The Soul of a Priest: My Conversion to the Pauline Succession
By L.H. Lehmann
Agora Publishing Company, 1933, 145 pp.
Many decades ago, Protestant literature included testimonies from ex-Catholic priests who had accepted Jesus Christ as Savior by faith alone and came out of the Roman Catholic church, but in our current era of ecumenical compromise, publishers like Zondervan, Baker, and Thomas Nelson are certainly not interested in that kind of story.
In this autobiography from several generations ago that went through numerous reprints, ex-priest, Leo Herbert Lehmann, recounts his experiences in seminary and as a Catholic priest in Rome, South Africa, and the United States and his eventual conversion to Jesus Christ and Biblical Christianity.
Lehmann was born in 1895 on the outskirts of Dublin, Ireland. His parents both died when he was very young and he was subsequently raised by other family members. He endured a strict education at the hands of the cruel Irish Christian Brothers (the same religious order that taught at my high school) and resolved to become a priest, an extremely prestigious position in those days. He entered Catholic seminary at the age of seventeen at Mungret College near Limerick and then went on to Rome in 1918 to complete his training at the University de Propaganda Fideto to be a missionary priest. Lehmann excelled in his studies and was given some oversight responsibilities in connection with his fellow seminarians.
Lehmann was ordained a priest in 1921 and shortly thereafter was assigned to South Africa as a missionary priest. He recounts his challenging experiences in Rome and Capetown as a priest dealing with the superstitious laity and his corrupt fellow priests. Because of his ties to Mungret Seminary, he was called upon by that institution’s administrators to return to Rome and lend his support in their struggle with the Jesuit order, which sought to bring the seminary portion of Mungret College under its direct control. The squabble eventually reached up to the pope, Benedict XV, who ruled in favor of the seminary’s administrators, but the Jesuits were able to circumvent the papal decree through back door diplomacy and were ultimately able to wrest control of the seminary from the administrators. Lehmann’s eyes were opened for the first time to the corruptness of the Roman church through this internal power struggle. However, he also realized his role in the conflict made him a persona non grata in the eyes of the Jesuits. In 1928, he accepted an assignment to farflung, Gainesville, Florida, in the hopes that he might escape the Jesuits’ attention.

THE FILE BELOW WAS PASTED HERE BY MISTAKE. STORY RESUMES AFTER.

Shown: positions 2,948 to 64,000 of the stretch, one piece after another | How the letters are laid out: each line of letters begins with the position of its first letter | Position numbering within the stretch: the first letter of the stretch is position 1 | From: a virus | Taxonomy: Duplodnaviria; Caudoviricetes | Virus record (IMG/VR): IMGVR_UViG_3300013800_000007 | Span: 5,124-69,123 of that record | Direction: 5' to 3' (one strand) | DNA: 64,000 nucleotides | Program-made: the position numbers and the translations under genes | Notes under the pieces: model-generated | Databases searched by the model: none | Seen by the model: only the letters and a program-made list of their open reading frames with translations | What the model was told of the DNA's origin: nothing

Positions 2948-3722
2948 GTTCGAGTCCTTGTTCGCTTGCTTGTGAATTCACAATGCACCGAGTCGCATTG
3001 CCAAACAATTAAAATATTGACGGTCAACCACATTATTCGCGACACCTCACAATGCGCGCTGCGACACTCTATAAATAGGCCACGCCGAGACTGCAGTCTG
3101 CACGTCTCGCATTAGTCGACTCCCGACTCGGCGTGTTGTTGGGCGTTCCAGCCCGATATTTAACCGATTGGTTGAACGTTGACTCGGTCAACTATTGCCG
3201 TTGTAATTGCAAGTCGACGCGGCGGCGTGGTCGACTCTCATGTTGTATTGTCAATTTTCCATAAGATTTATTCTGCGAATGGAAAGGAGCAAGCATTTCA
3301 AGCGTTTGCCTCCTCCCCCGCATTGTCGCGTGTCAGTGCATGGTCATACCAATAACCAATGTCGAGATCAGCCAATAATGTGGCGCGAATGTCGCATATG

The 1928 U.S. presidential campaign of Catholic candidate, Al Smith, left a bitter taste in Lehmann’s mouth because he was often forced to equivocate publicly regarding the church’s view that American Catholic political office holders, just like Catholics in any country, were expected to place their allegiance to Rome over their obligation to any national constitution.* The suppression of that truth, along with the church’s sacramental system’s inability to actually change Catholics’ moral behavior, as well as the abject failure and hypocrisy of the celibacy rule, which was common knowledge among priests, led Lehmann into despair. His experience at the execution of a Catholic criminal was the final straw. Lehmann realized deep in his soul that he could not offer the condemned man any real spiritual solace.
Lehmann left the priesthood in 1929 and eventually repented of his sin and trusted in the Jesus Christ of the Bible as his Savior by faith alone. He subsequently became associated with Christ’s Mission in New York City, which began in 1883 as a Gospel outreach to Catholic priests and ex-priests. Lehmann was director of Christ’s Mission from 1948 until 1950.
I enjoyed this book quite a bit. Lehmann’s revelations about the corruption of the priesthood back in 1933 were amazingly prescient in light of the current priest abuse and cover-up scandal tsunami. I especially appreciated Lehmann’s remarks about several quasi-Protestants who famously converted to the Roman church, such as John Henry Newman and G.K. Chesterton. Today’s ecumenically-minded evangelicals are bewitched by Chesterton’s “verbal wizardry,” which Lehmann dismisses as tiresome “mental shuttlecock.”
A condensed version of “The Soul of a Priest” can be found here.
For a more recently published collection of testimonies from 50 priests who left Roman Catholicism and accepted Jesus Christ as Savior by faith alone, see my review of “Far From Rome, Near To God” here.
*Today’s reader will view Lehmann’s warnings of the dangers of Catholic political hegemony as quaintly paranoid, but, prior to Vatican II, the Vatican negotiated diplomatic treaties (aka concordats) with countries where it held a numerical majority that severely limited the freedoms of Protestants.